To date, the efforts of the Burmese government have been rewarded by the easing of sanctions by the United States and the European Union; the United States, in particular, started a direct dialogue with Naypyidaw, functional to the implementation of the rebalancing strategy towards the Pacific that is characterizing American foreign policy. If Barack Obama’s visit on November 19, 2012, following his re-election, sanctioned Myanmar’s re-entry into the international community from a diplomatic point of view, economically the abolition of sanctions by the European Union and the United States has put the an end to the country’s isolation. In fact, in April 2013 Brussels completely eliminated sanctions, with the exception of the arms embargo; while Washington is progressing gradually, keeping those relating to precious minerals in place. These developments mark a historic turning point if we consider that the long period of isolation to which Myanmar has been subjected by the Euro-Atlantic countries in the past years has led Naypyidaw to get closer and closer to China. Despite the pressure exerted by Western diplomacy on Beijing to interrupt assistance to the Burmese regime and exercise its influence to push the military junta to openings in a democratic sense, China has not in fact given up on relations with its neighbor, according to the famous formula of the ‘Beijing Consensus’ – China’s way to economic development. In fact, between 1988 and 2012 Beijing has poured into Burmese coffers an average of 800 million dollars in foreign investments per year, for a total of over 20 billion. However, the new context increases competition, making the Burmese government feel less constrained. The forced suspension in September 2011 of the construction of the Myitsone dam, a 3.7 billion dollar project entrusted to two Chinese companies, symbolizes the new course of Burmese foreign policy; no longer dependent on Beijing, but open to the West and to the renewed interest of most of the Asian states, India and Japan above all. The forced suspension in September 2011 of the construction of the Myitsone dam, a 3.7 billion dollar project entrusted to two Chinese companies, symbolizes the new course of Burmese foreign policy; no longer dependent on Beijing, but open to the West and to the renewed interest of most of the Asian states, India and Japan above all. The forced suspension in September 2011 of the construction of the Myitsone dam, a 3.7 billion dollar project entrusted to two Chinese companies, symbolizes the new course of Burmese foreign policy; no longer dependent on Beijing, but open to the West and to the renewed interest of most of the Asian states, India and Japan above all.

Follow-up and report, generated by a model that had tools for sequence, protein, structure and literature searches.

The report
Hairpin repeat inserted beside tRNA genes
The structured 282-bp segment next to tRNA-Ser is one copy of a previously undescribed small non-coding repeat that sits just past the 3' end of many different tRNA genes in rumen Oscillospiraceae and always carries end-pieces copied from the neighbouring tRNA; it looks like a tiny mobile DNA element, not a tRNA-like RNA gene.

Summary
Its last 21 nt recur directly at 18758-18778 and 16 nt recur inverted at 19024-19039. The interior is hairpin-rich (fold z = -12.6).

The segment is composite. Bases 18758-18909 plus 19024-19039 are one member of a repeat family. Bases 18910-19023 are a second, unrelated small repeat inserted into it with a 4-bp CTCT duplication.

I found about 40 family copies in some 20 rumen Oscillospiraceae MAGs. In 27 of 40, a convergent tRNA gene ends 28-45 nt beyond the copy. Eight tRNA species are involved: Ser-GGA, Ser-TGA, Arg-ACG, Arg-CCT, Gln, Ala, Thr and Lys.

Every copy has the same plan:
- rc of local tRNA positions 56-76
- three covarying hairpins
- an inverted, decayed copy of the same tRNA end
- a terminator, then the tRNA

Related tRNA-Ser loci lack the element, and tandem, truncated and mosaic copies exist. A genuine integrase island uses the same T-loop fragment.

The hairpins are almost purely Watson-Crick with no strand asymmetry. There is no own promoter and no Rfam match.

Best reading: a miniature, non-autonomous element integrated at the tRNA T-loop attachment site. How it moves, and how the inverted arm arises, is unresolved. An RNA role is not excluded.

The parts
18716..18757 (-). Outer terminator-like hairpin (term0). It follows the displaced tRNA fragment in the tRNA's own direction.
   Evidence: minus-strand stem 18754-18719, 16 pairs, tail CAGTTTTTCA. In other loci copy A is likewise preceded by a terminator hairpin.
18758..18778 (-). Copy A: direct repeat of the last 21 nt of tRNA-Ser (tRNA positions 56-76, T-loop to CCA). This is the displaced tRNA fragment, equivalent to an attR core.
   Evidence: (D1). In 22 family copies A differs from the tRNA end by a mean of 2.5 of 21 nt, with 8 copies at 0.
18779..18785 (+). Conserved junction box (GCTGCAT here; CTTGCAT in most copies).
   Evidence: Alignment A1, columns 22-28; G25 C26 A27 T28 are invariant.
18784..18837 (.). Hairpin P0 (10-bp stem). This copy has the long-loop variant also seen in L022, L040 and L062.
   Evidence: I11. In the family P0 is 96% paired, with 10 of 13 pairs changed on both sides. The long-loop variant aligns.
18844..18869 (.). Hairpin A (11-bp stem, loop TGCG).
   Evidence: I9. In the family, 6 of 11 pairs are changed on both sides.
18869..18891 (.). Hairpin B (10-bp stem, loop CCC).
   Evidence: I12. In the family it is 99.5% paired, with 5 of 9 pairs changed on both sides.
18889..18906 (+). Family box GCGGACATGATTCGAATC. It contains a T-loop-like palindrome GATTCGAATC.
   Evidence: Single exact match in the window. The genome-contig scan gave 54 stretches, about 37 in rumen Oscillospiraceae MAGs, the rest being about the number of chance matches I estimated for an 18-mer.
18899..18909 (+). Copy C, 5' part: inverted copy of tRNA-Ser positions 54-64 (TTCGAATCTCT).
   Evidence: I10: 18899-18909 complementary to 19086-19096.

A critical element that still remains today is the fact that, after being banned following the 1990 elections, many of the parties representing the numerous ethnic minorities (especially those in the eastern part of the country, where the Karen groups reside, shan and karenni) have also organized themselves militarily, thanks to the profits deriving from the opium market. Although some of them have negotiated over the years a ceasefire agreement in exchange for some autonomy at the local level, the constant repression of any expression against the regime carried out in the past has continued to fuel sources of rebellion. The Burmese government, which today finds itself acting under the scrutiny of the international community, has given tangible signs of its will to resolve the inter-ethnic conflict; a first, partial, ceasefire agreement was reached in March 2015, confirmed in October of the same year; however, the road to the definitive resolution of disputes still appears long and arduous. The main source of tension concerns the violence perpetrated by extremist fringes of the Buddhist majority against the Rohingya Muslim minority in the state of Rakhine, on the border with Bangladesh. Therefore, despite the recent positive developments, the persistence of these risk factors contributes to making Myanmar one of the The main source of tension concerns the violence perpetrated by extremist fringes of the Buddhist majority against the Rohingya Muslim minority in the state of Rakhine, on the border with Bangladesh. Therefore, despite the recent positive developments, the persistence of these risk factors contributes to making Myanmar one of the The main source of tension concerns the violence perpetrated by extremist fringes of the Buddhist majority against the Rohingya Muslim minority in the state of Rakhine, on the border with Bangladesh. Therefore, despite the recent positive developments, the persistence of these risk factors contributes to making Myanmar one of the more fragile countries of the area.

Myanmar Geopolitics